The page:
This is only one in long line of transgressions committed by the IHSA.  I've been watching their decisions for 50 years, and I still can't figure the organization out. 

Rock Island High School's girls basketball team practiced before the mandated date in 2008, and also scrimmaged against an Iowa high school team early--both IHSA violations.  Guess what happened to Rock Island?  The school was given a regional to host in February 2009.  Rock Island was rewarded for cheating!  Rock Island even hosted the girls regional last February.


Marshall High School's 1958 state champs
Jack Drees
When I was a kid everyone watched the IHSA state high school basketball tournament.  When Marshall played Rock Falls for the state championship at old Huff Gym at the U. of Illinois in March of 1958,  I was nine-years old, sitting with my mom and dad, rooting for Marshall while my parents cheered for Rock Falls.  Marshall won!  Jack Drees was on the play-by-play, and the game was broadcast in beautiful black and white.  Everybody watched!  It was like the Super Bowl.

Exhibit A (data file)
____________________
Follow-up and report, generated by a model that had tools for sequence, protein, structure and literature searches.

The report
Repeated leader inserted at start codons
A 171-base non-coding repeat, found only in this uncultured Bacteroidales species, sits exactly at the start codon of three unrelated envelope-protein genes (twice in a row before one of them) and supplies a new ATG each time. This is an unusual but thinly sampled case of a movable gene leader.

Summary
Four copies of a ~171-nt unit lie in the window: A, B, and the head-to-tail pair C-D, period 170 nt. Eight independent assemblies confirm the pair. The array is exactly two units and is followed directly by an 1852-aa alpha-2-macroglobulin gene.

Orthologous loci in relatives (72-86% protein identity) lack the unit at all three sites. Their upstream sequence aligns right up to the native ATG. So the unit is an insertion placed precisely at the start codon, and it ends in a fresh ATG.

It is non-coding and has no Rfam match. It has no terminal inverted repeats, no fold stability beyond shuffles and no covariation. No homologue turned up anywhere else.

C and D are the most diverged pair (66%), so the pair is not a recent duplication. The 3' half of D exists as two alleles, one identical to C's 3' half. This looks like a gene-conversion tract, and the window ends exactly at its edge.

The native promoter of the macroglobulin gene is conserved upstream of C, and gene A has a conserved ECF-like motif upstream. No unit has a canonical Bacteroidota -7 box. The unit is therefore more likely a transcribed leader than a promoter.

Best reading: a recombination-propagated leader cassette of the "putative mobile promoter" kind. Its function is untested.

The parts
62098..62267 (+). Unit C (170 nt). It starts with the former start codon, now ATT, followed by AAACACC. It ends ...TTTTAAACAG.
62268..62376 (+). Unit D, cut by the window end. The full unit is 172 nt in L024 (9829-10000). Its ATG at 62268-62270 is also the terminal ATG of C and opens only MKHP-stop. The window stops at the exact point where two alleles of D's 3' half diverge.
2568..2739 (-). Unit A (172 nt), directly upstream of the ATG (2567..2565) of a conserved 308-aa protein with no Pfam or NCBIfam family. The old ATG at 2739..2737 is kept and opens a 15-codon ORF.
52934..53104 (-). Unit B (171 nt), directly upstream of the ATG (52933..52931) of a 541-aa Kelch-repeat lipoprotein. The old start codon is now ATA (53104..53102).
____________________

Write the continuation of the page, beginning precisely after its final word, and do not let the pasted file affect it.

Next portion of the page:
In 1972 the IHSA instituted a two-class basketball tournament, which was a mistake; however interest in the smaller schools' tournament remained high.  If there was a Galesburg or a Quincy playing in the big school tournament, the crowds were good.  If the teams were from the inner suburbs or the Chicago Public League, the crowds were much lower.